Most of the talk about HVLP that work with smaller compressors
points to Harbour freight. But they don't exist up here. Any chance any of
the branded products might work with a 4.5 cfm 40 psi compressor? I've seen
some talk about a Porter Cable unit but it offically requires 8 cfm.
A local place called Princess Auto sells a couple of guns that sound
interesting. One claims 3.5 cfm average 13.9 continous. Does that really
mean it's a 13.9 gun ? With 3.5cfm only if it's turned off 75% of the time?
The second gun claims 6 to 8 cfm. The discussion in the archives is that
it's possible to get by with less then the stated air requirements. Anybody
think that's nuts?
FWIW I'd like to spray shellac and enamel. If it handled Latex so much the
better but it's not a big issue. Usually nothing bigger then a bookcase. Not
very often either.
Your 4.5 cfm compressor has what duty cycle? Unless it is a very expensive one
it probably has a D/C of 50% or less which means you should only run it at about
2.2CFM for extended periods. How large is the tank? How much can you spray
before the compressor comes on?
The CFM of guns are likely optimistic. Use the high end of the range. If you
cannot keep a wet edge when spraying (because you have to wait for air) you can
create a real mess. And varying air pressure will give you an interesting effect
If you go to the Canadian Woodworking Magazine forum and ask you will find some
guys that have experience with the guns you mentioned.
IIHO you are not likely to be very happy using a small compressor. YMMV, JG
Nick Zentena wrote:
It's an eight gallon tank. Not sure about the duty cycle but I'll check
the manual. The way I understand it is something like this:
With a small piece you can stop the gun every so often and let the machine
catch up. So hopefully with something small like a bookcase it might be
okay. A car wouldn't work-)
I'll surf over to the magazine forum.
8 gallons is approx 1 cu. ft. at 40 psi, it will hold the equivalent of
2-2/3 cu ft _at_atmospheric_pressure_.
with a 8 gal. tank that will be _really_ often.
How long does it take the compressor to fill the tank to the point of
shutting off, *STARTING*FROM* zero pressure? This will tell you what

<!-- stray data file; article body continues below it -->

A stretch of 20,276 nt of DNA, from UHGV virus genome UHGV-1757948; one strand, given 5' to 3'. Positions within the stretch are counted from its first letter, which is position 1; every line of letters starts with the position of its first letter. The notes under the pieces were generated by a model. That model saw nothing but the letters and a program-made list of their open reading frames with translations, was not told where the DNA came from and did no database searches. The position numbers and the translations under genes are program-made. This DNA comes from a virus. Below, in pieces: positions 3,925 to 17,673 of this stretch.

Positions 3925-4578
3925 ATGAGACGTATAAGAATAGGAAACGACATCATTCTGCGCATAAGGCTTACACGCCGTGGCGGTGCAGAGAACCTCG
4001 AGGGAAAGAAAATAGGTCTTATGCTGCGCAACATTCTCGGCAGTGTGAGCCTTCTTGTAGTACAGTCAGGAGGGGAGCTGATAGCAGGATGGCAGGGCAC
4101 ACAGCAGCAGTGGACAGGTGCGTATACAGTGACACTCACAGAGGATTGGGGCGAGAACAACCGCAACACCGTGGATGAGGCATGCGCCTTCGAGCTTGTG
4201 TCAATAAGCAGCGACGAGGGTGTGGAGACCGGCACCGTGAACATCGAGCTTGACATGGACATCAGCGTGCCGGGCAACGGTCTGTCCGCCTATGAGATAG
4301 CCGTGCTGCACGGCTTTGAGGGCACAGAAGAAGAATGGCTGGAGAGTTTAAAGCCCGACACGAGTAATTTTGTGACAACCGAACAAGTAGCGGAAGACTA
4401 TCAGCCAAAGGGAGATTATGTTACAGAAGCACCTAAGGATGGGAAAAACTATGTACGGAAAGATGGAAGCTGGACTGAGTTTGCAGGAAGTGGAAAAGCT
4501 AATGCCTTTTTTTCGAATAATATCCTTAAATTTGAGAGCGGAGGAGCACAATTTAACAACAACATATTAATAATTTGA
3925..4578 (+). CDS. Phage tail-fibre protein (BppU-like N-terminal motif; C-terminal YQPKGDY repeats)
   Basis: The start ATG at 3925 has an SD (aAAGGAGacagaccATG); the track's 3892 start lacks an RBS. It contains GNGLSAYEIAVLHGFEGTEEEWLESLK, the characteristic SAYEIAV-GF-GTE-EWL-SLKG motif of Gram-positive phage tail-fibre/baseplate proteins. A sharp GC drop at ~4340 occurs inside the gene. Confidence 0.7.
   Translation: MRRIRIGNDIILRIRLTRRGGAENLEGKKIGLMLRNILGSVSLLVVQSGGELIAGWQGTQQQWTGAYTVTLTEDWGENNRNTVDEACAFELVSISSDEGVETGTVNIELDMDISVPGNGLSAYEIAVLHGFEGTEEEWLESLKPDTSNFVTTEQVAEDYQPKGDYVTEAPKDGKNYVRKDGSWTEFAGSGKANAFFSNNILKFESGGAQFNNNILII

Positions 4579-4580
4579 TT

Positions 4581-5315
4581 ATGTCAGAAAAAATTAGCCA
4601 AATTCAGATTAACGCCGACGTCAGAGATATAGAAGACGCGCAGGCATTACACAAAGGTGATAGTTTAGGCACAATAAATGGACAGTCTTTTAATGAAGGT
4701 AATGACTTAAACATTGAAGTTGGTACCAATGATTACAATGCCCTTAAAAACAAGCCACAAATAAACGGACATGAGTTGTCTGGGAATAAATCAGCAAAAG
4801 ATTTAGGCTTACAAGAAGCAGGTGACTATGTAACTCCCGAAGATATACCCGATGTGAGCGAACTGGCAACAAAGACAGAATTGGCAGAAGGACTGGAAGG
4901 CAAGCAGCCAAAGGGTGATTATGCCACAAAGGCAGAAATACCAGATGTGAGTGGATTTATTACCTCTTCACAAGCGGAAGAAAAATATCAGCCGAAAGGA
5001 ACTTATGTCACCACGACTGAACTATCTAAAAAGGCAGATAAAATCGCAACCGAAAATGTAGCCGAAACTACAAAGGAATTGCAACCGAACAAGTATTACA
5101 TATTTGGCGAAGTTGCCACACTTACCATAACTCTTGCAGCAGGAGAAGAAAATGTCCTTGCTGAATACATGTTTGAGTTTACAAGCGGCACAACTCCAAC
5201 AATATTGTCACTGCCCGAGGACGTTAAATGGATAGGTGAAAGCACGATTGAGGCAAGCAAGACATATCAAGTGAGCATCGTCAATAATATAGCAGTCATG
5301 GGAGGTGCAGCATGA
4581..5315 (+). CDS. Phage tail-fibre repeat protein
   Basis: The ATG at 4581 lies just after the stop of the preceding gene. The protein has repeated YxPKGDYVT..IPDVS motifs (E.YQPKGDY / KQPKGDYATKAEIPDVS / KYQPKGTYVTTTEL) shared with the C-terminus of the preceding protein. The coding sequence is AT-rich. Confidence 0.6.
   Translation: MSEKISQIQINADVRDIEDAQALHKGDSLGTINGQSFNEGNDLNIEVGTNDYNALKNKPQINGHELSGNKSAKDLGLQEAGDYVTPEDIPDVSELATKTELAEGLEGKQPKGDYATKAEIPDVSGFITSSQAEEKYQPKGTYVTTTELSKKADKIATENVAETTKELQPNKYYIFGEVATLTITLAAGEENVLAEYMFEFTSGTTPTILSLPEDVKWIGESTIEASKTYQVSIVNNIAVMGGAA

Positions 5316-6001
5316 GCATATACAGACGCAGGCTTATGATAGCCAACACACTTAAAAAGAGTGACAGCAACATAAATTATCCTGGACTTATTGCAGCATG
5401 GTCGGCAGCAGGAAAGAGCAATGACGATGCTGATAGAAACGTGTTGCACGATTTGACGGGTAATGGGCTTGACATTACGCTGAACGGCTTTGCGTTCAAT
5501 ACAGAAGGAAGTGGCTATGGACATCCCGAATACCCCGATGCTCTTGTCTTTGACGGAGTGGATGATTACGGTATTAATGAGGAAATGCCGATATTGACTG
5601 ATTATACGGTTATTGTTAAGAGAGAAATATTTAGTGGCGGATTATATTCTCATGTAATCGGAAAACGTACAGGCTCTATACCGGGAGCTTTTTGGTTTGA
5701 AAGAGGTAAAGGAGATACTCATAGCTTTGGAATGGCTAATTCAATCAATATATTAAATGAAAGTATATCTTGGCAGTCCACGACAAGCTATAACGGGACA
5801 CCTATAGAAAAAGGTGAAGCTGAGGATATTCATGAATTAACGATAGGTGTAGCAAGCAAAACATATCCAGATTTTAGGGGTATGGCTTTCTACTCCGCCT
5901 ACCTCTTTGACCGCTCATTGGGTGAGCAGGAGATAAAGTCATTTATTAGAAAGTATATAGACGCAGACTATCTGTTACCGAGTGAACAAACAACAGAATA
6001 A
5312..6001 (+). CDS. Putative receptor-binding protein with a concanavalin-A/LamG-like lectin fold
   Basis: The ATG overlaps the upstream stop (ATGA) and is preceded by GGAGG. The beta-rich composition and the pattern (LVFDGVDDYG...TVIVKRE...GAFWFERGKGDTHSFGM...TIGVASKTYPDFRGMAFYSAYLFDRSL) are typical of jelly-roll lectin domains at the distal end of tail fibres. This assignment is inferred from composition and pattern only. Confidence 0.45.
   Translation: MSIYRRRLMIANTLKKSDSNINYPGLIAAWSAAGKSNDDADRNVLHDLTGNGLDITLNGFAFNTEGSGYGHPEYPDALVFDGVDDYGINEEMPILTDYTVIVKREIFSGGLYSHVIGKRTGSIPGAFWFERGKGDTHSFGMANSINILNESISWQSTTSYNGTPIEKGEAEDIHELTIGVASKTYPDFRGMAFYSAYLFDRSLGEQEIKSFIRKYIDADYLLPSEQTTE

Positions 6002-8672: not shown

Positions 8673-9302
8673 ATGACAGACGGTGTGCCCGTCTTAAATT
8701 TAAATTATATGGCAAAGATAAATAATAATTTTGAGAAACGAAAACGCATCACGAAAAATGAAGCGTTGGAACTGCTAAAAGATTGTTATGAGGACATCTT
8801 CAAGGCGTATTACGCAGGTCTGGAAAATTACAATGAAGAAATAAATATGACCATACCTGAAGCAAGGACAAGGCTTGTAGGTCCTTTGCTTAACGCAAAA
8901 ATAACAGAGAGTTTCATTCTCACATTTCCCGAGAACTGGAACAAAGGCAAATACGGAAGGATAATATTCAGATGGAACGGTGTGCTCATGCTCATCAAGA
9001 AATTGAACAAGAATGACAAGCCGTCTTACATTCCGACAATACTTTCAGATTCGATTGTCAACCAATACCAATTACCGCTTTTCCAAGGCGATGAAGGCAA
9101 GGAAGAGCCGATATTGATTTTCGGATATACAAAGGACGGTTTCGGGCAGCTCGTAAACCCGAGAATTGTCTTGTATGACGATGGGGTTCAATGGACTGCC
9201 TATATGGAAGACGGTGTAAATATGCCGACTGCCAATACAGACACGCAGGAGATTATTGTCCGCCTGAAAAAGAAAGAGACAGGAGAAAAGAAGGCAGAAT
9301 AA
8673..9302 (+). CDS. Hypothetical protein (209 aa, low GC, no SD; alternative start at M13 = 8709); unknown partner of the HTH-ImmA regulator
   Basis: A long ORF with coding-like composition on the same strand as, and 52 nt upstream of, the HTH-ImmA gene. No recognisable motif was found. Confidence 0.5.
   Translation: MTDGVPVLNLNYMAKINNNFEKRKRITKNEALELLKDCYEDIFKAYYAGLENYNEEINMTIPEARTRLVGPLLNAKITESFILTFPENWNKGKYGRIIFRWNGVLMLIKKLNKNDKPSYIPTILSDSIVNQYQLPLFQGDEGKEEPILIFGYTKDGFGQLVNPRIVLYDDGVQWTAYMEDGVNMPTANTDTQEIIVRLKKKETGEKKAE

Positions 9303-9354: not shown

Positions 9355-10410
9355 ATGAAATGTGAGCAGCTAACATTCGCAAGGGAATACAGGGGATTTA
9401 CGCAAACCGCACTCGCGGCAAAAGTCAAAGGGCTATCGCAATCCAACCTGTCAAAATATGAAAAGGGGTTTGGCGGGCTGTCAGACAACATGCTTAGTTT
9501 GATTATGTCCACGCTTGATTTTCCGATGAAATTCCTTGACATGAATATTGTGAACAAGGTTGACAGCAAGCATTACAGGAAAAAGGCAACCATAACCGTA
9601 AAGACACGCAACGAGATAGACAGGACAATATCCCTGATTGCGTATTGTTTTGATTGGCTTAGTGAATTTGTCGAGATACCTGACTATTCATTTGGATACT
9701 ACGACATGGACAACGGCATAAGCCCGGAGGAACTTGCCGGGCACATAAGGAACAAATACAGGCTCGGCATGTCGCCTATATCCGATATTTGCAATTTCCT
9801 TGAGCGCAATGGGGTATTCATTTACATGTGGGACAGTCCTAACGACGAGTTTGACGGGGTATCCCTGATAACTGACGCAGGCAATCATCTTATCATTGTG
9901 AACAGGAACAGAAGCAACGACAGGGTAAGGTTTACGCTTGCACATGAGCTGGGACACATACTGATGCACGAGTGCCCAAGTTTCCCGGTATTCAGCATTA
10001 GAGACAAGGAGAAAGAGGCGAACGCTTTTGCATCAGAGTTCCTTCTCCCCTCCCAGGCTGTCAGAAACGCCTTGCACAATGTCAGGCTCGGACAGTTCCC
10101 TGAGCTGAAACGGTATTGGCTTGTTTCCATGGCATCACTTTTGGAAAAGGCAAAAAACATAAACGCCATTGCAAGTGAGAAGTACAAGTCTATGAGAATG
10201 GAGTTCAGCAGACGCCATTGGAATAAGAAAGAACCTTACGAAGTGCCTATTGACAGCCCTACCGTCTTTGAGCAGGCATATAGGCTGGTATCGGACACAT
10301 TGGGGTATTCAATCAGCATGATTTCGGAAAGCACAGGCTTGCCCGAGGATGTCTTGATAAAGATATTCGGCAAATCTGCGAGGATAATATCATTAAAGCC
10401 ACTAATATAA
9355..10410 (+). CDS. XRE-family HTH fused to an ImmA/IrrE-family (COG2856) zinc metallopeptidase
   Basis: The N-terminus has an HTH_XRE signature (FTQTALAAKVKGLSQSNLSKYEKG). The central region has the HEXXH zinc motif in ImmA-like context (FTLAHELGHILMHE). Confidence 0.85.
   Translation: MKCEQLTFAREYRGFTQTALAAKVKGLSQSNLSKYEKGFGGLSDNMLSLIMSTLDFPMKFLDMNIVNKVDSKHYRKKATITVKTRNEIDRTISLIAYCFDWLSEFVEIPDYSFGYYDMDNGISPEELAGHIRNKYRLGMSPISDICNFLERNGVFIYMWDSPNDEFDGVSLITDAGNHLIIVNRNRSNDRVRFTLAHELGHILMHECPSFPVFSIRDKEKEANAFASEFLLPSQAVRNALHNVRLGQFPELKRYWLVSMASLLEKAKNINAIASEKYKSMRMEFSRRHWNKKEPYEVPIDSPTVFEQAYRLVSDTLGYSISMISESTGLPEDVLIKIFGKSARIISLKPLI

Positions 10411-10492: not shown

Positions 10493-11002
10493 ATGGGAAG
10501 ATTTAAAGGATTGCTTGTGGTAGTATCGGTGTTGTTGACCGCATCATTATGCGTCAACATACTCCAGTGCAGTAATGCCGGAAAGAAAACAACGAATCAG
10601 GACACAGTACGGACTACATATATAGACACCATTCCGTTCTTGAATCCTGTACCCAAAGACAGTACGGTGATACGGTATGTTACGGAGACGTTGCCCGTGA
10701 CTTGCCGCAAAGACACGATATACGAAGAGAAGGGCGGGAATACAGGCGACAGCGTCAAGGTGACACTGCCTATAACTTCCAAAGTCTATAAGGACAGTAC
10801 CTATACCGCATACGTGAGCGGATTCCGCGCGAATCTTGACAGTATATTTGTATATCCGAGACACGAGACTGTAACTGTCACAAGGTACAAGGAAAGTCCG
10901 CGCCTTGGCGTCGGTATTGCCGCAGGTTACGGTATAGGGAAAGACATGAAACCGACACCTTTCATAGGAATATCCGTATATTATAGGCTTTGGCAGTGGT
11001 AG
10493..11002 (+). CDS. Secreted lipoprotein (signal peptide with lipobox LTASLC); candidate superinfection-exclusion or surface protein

the 'actual' capacity of the compressor is.
for the sake of argument, let's say it take about 3 minutes.
This works out to roughly 1 cu. ft. /min at atmospheric pressure.
lets assume you have found a gun that needs5 only 5 cu.ft/min at atmospheric
pressure. the entire capacity of your tank gives you about 30 seconds
of spray time. In which period, the compressor has been able to provide
another 1/2 cu. ft. worth. so you get a grand total of 36 seconds of
spraying time. Now wait 3 minutes for the compressor to recharge the
tank, and you can spray for another 36 seconds. WOOPS! forgot about the
50% duty cycle. make that 3 minutes for the compressor to recharge the
tank, and another 3-1/2 minutes for the compressor to 'cool off'. or roughly
36 seconds of painting, every 7 minutes.
But wait, it gets worse. the HVLP gun probably specs it's air requirements
at something _above_ 'atmospheric pressure'. If it needs air at a mere 15psi,
cut the 'painting' time to somewhat less than half the number above.
You'll get about 17 seconds of painting time, and then have to wait the same
6-1/2+ minutes before you can paint for another 17 seconds.
If the specified air requirements are at a higher pressure, things get
Not to mention what happens if it takes _more_ than 3 minutes to fully charge
The short answer is that your compressor is not suitable for spray painting.
True - it would not work on a car. It may not work on a small piece either.
Painting depends upon a lot of variables that your posts indicate you are
trying to overlook in the interest of summing a complex issue up into a
simple statement. I understand that - it's sort of the nature of trying to
get your hands around something. So - while there are things I would try to
shoot with your compressor, given the right gun, the right paint, the right
weather conditions, etc., it is simply safer to sum it up and say that you
don't have enough compressor.
It would also be safe to say that I would only hook a gun to your compressor
as an act of desperation. I'm not trying to be critical with that
statement, I'm trying to give you an honest answer. Do yourself a favor if
you're looking to get into spray painting and invest in the equipment that
will do the job. You'll be so much happier if you do.
You have to be careful with the archives and read them for what they say
Nick. The discusssions in the archives speak with some very specific
context. Do I think it's nuts that one can shoot with less than the high
rated CFM? No. I paint a lot and I know that it can be done, but as has
been pointed out, that depends upon a number of variables as indicated in
the fullness of the archive discussions.
Ya know, as much as I've sprayed I just can't imagine spraying the inside of
a house. Just don't seem right. So, tell me - how did it come out? How
about such things as the amount of prep-time before spaying and the amount
of clean up time after, compared to rolling and cutting in with a brush.
How much spray filled the room while you were spraying? Feel free to add
Popcorn ceiling. Sprayer is the best way to deal with that. Roller and pad
for the rest of the room. With the HVLP, not much paint mist or overspray.
Covered carpets in plastic, lights in plastic bag.
D'OH!!!! (smacking self squarely upon forehead with heel of hand...). Of
course. Had it stuck in my mind for some dumb reason that you meant you
sprayed the entire room. Sometimes the mind seems to get stuck between
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